debt collectors

A Text Twist on Debt Collection

Yet another text message. Who’s this one from? Seriously? A debt collector?

Getting texts from debt collectors might be annoying, but it’s not illegal. What is illegal is an incomplete disclosure and a harassing or deceptive attempt to collect money. For example, it’s against the law for debt collectors to pretend to be attorneys or falsely threaten to sue you, regardless of how they communicate — through texts, through letters, or through phone calls.  Continue Reading >

Facing Debt Collection? Know Your Rights

Dealing with financial trouble is stressful enough. But when a debt collector is hounding you using unscrupulous methods, it can make matters even worse.

The fact is, you have some rights when it comes to dealing with debt collection agencies. They’re spelled out in the Fair Debt Collection Practices Act (FDCPA), which  protects consumers from abusive, harassing or unfair debt collection practices, and is enforced by the FTC. Here’s the abbreviated version of the key provisions: Continue Reading >

FTC hosts Twitter chat to answer consumer questions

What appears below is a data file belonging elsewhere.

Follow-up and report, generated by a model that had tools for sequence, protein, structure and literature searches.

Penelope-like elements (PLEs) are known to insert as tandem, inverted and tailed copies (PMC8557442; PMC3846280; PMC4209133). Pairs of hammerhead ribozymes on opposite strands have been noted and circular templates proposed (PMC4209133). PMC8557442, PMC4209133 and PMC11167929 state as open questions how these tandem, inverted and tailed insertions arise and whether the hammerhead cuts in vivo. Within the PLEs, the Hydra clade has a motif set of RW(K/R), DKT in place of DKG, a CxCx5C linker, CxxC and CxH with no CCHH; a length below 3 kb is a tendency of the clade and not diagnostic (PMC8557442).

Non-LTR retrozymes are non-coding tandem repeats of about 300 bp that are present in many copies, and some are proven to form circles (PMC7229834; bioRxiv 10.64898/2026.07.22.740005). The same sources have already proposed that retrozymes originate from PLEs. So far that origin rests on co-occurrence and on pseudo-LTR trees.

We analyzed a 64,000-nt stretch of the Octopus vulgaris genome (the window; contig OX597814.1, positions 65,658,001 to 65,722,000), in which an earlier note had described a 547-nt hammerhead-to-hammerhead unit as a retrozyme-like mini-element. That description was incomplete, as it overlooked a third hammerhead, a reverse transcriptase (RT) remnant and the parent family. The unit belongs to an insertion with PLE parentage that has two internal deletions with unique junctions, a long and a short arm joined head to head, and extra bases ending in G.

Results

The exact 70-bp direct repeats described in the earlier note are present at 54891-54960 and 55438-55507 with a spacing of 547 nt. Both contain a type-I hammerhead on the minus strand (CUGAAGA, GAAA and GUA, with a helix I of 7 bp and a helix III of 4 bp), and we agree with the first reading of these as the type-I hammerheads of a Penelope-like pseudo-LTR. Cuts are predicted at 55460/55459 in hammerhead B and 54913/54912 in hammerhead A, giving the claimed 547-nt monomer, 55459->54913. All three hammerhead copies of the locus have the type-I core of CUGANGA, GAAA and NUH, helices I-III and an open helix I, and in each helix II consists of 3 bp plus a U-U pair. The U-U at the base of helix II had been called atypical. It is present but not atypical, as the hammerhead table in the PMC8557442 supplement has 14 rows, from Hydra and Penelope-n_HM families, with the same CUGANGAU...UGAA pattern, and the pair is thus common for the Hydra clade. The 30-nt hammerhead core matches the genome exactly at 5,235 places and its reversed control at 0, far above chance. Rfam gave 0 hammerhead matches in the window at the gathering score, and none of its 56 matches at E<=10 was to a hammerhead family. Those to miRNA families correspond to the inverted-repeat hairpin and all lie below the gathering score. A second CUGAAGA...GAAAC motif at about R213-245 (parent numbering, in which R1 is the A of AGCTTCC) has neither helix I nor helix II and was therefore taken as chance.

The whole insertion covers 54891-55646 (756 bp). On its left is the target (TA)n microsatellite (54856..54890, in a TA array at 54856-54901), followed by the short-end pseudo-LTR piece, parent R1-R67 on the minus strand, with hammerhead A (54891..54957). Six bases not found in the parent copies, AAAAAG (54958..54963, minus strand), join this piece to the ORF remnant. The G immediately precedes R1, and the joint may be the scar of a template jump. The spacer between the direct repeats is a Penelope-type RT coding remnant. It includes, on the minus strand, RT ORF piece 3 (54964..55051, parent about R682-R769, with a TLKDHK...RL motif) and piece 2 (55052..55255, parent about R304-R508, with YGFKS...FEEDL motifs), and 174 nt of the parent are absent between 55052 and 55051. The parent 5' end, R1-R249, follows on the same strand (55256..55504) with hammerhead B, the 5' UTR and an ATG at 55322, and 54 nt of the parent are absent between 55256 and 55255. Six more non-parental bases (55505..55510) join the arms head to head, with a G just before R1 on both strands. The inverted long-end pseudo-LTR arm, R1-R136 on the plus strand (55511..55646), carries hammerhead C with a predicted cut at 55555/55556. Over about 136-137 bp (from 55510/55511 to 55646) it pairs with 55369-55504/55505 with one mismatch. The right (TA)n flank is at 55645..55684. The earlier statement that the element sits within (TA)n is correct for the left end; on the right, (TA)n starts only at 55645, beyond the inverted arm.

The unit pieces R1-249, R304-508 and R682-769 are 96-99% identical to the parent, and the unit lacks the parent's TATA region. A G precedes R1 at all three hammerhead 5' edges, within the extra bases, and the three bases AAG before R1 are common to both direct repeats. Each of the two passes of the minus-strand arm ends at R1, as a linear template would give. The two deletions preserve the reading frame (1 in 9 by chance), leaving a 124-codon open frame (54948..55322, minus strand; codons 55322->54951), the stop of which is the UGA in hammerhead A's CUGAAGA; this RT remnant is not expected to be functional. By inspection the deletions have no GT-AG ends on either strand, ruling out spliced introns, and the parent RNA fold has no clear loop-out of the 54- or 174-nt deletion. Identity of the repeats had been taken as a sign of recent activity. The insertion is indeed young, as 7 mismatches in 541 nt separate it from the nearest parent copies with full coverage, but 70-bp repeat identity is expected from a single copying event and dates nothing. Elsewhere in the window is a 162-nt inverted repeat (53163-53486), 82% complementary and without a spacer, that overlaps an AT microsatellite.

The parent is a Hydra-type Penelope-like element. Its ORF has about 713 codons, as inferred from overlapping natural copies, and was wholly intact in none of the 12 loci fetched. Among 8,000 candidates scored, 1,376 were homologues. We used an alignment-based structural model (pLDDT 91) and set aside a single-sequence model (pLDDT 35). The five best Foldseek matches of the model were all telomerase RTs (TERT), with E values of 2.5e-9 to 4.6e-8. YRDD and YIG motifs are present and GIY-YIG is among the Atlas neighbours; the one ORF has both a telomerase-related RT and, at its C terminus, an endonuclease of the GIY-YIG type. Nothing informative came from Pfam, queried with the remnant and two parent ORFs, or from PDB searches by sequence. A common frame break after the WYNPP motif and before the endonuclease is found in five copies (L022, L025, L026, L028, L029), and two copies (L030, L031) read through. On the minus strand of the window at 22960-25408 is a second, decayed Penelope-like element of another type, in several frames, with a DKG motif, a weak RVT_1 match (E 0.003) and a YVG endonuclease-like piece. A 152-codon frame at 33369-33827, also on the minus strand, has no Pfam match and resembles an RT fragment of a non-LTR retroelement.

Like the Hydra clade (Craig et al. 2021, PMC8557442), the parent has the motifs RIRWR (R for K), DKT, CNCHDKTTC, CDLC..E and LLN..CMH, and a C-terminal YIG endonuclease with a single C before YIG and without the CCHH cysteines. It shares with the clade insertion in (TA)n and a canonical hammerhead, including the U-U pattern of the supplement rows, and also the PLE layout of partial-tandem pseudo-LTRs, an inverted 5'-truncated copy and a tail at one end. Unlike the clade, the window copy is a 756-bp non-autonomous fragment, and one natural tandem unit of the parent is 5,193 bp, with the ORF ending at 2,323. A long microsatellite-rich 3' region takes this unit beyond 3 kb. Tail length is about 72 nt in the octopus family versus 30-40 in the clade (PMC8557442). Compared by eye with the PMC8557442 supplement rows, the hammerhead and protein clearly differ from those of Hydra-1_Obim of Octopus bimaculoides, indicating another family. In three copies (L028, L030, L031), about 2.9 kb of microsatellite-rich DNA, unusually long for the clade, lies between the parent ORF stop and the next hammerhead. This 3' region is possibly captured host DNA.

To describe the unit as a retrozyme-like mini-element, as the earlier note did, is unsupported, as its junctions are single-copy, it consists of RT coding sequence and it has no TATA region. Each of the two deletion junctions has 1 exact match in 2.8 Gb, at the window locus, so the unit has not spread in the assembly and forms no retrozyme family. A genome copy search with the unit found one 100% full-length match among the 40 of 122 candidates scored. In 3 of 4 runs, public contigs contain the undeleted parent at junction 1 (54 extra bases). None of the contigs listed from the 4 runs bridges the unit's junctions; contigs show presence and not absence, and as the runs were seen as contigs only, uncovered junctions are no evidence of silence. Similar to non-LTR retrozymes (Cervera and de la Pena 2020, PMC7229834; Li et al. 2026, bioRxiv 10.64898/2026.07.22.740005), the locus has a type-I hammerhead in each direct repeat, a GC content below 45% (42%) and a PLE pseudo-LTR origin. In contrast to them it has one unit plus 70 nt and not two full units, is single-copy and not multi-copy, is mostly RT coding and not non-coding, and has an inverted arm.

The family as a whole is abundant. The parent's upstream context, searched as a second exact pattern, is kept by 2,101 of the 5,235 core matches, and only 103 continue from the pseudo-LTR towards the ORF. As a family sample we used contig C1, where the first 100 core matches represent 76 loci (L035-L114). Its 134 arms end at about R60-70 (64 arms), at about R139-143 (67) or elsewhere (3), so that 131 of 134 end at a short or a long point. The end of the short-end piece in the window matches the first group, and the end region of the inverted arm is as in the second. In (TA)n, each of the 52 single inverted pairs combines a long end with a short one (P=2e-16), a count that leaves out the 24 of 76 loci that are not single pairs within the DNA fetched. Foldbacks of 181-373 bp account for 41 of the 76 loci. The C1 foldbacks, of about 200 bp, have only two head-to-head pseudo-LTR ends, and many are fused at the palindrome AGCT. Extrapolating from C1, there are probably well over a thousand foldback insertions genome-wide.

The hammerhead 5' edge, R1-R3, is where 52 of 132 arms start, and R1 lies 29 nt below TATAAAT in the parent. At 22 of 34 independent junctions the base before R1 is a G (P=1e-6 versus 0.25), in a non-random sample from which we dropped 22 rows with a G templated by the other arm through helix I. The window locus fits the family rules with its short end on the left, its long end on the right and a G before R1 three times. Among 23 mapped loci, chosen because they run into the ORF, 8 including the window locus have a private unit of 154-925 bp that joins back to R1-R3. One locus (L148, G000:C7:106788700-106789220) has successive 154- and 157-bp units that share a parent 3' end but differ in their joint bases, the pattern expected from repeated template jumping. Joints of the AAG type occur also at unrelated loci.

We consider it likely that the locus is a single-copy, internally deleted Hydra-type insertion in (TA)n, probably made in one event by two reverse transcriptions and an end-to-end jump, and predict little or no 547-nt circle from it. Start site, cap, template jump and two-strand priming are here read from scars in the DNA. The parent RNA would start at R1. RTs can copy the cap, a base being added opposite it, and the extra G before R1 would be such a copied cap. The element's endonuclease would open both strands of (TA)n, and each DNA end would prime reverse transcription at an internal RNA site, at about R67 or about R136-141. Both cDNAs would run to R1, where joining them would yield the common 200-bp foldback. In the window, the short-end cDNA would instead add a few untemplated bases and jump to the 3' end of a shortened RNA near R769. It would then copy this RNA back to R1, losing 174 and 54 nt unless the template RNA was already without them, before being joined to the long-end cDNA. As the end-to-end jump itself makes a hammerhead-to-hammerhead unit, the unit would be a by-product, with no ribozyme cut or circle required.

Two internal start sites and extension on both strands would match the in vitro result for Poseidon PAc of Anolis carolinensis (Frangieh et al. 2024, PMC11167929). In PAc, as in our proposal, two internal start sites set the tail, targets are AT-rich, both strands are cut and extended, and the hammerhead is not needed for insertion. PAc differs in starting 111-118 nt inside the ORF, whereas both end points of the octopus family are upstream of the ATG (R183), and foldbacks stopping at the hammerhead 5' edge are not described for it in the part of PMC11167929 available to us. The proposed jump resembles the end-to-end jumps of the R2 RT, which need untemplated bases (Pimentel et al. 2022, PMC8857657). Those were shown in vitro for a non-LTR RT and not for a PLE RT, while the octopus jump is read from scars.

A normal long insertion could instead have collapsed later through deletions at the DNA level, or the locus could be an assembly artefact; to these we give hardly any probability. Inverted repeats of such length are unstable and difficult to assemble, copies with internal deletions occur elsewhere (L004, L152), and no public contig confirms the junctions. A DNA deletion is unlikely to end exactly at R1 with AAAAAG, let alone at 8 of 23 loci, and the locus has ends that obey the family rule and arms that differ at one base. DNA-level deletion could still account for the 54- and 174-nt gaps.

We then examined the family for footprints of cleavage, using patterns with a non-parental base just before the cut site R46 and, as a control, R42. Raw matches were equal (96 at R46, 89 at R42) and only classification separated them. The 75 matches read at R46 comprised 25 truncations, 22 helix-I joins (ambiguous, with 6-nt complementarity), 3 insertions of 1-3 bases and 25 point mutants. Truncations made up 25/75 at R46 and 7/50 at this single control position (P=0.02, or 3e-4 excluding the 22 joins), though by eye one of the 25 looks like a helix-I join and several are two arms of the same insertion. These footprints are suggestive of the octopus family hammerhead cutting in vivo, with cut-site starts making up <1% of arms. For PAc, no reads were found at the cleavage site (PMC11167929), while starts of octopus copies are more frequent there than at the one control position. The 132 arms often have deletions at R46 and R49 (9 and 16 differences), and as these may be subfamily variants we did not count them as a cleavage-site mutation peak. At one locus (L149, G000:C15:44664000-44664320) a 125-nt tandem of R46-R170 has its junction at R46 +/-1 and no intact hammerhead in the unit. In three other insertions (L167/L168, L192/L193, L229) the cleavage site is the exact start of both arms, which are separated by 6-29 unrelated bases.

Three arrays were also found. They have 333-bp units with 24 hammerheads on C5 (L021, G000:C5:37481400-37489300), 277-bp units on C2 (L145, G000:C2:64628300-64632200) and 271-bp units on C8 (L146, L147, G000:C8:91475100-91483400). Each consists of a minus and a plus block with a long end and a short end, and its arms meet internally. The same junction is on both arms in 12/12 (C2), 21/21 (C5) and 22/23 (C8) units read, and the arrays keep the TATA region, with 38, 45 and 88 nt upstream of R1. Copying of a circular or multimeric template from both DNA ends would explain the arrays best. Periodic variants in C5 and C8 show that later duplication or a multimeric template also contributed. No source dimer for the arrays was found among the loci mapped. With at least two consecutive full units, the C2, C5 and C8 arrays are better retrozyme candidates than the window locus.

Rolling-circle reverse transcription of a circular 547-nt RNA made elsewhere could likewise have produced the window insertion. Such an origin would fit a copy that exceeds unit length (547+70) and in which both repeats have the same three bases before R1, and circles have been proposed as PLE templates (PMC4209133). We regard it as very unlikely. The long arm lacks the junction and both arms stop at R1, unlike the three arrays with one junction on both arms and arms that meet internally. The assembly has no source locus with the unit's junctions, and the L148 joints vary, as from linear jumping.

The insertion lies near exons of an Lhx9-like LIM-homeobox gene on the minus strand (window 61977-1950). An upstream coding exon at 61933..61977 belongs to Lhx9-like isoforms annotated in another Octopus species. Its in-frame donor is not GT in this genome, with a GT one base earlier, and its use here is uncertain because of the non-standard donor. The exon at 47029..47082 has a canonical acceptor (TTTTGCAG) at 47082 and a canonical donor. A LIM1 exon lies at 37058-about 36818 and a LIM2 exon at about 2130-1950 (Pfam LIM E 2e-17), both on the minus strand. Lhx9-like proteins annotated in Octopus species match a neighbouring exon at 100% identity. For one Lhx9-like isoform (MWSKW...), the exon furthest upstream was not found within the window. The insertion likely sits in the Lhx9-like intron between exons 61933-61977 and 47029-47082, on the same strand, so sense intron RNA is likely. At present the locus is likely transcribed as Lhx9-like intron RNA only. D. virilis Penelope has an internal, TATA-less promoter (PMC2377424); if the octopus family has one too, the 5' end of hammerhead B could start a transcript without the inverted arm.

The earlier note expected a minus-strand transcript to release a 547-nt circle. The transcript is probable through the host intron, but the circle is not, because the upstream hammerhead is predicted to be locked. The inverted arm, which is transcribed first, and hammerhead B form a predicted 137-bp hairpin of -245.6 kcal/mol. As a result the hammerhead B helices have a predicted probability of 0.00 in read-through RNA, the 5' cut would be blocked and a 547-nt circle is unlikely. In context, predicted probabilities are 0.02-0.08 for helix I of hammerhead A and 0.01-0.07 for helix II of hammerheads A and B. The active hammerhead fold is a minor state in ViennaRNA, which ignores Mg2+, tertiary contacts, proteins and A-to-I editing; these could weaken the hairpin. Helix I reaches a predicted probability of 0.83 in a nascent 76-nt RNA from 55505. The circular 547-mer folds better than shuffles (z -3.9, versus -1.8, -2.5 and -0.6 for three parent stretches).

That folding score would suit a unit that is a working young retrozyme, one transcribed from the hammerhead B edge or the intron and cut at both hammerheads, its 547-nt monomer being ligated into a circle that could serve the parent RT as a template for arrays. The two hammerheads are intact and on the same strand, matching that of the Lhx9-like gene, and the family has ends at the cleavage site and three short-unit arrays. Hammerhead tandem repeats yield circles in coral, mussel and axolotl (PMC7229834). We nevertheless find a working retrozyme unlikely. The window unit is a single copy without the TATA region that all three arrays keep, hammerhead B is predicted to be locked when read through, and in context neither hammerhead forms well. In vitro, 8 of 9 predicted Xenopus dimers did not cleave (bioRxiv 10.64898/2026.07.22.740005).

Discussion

To highlight National Consumer Protection Week, the FTC will host a Twitter chat to answer consumers’ questions about common scams on Tuesday, March 4 at 2:00 p.m. EST

The chat will cover scams involving government imposters, text and email, identity theft, working at home, timeshares and fake debt collectors.

Follow @FTC, and use the hashtag: #NCPW2014. See FTC Twitter chats to learn more. Continue Reading >

Haunted by Phantom Debt?

Phantom debts – sounds a little like a ghostly Halloween prank. Unfortunately, it’s no joke. Some fake debt collectors may try deception and threats to pressure you to pay debts that you don’t owe. The FTC recently settled a case with debt collectors, Pinnacle Payment Services, Lisa Jeter, her partners and related companies about just these kinds of practices.

Imagine getting a phone message like this: Continue Reading >

World’s Largest Debt Collector Pays the Price for Harassing Consumers

If you’re behind in paying your bills, or a creditor’s records mistakenly show that you are, a debt collector may contact you. You have the right to be treated fairly by debt collectors. They can't use abusive, deceptive or unfair practices to collect from you. That includes making harassing phone calls. But according to the Federal Trade Commission, that’s just what the world’s largest debt collection operation did. Continue Reading >